Bahrain national exhibition: Reclaim

The fisherman's huts on shifting sands that won the Venice Biennale Golden Lion for Best National Participation
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Bahrain National Exhibition, Reclaim (2010), Venice Biennale, Italy

1 / 5 Bahrain National Exhibition, Reclaim (2010), Venice Biennale, Italy

Bahrain National Exhibition, Reclaim (2010), Venice Biennale, Italy

2 / 5 Bahrain National Exhibition, Reclaim (2010), Venice Biennale, Italy

Bahrain National Exhibition, Reclaim (2010), Venice Biennale, Italy

3 / 5 Bahrain National Exhibition, Reclaim (2010), Venice Biennale, Italy

Bahrain National Exhibition, Reclaim (2010), Venice Biennale, Italy

4 / 5 Bahrain National Exhibition, Reclaim (2010), Venice Biennale, Italy

Bahrain National Exhibition, Reclaim (2010), Venice Biennale, Italy

5 / 5 Bahrain National Exhibition, Reclaim (2010), Venice Biennale, Italy


In Arabic, Bahrain means ‘two seas’, and the kingdom’s changing relationship to water over the last 80 years is at the centre of their national exhibition at the Venice Biennale, Reclaim, which won the Golden Lion for Best National Participation. Once a fishing-dependent nation with a natural coastline, Bahrain has now become an urban country, funded primarily by oil and with a coastline that constantly changes shape as bits and pieces of land are reclaimed from the shallow waters.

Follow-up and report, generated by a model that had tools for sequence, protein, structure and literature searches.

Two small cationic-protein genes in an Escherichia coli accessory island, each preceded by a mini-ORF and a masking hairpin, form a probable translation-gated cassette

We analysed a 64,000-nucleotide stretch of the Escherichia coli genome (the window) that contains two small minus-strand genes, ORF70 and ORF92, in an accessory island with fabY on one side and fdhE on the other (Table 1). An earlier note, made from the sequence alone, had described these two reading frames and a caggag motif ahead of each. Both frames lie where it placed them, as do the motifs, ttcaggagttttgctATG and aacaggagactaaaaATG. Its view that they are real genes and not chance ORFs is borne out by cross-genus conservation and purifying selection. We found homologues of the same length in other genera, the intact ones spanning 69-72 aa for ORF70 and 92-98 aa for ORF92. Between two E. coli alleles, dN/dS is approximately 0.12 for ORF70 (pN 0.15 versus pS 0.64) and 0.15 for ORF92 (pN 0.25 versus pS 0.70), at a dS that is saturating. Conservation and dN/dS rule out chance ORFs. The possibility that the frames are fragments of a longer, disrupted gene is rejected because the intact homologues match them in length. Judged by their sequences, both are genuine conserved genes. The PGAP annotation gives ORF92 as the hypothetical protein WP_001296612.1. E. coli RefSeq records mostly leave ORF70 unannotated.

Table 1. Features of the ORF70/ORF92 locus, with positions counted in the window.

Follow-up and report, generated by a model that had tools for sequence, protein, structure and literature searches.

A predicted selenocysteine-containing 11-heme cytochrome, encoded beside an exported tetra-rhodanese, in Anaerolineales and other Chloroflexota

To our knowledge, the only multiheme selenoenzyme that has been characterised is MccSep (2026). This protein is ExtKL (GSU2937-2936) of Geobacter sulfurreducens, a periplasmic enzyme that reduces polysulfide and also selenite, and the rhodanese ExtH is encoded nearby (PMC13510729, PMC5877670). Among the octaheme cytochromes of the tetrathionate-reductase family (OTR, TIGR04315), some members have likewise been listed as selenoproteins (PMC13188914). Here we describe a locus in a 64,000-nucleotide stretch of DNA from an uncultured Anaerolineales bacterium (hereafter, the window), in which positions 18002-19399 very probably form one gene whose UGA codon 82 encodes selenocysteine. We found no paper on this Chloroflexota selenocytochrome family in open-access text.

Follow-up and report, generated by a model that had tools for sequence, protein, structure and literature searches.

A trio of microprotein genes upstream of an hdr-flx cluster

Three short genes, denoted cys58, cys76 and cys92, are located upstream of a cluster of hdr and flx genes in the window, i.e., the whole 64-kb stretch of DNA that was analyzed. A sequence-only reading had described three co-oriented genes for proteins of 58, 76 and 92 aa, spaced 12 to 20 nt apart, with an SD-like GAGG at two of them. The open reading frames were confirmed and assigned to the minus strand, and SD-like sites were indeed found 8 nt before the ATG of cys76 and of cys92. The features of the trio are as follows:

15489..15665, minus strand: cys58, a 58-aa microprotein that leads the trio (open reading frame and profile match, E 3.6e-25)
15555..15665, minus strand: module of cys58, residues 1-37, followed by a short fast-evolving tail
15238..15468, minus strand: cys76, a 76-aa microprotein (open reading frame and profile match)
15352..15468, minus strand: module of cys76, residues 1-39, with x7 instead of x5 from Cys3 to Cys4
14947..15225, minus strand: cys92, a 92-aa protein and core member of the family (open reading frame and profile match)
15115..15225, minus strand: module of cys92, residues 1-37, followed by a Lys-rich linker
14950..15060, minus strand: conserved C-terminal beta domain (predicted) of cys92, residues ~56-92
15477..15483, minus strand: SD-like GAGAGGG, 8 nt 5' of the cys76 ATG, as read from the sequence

Small fisherman’s huts - structures that occupy this shifting coastline - are the focus of the exhibition. Three of them have been relocated into the Arsenale, and photographs of others as well as video interviews with their owners are also on display. The huts, even when removed from the sea and placed in a foreign, interior environment away from the water, are comfortable, welcoming spaces. At the same time, their uprooting is fundamentally melancholic, a reminder that the same process is occurring throughout Bahrain.

The exhibition deftly explores a very specific and contained condition – the disappearance of fisherman’s huts from the Bahraini coastline – so precisely and thoroughly that it evokes the larger question of what kinds of spaces (and by extension, what kind of human experience) are we allowing to disappear, all over the world?

 

By Sara Goldsmith
Project Editor, Architecture & Design, Phaidon


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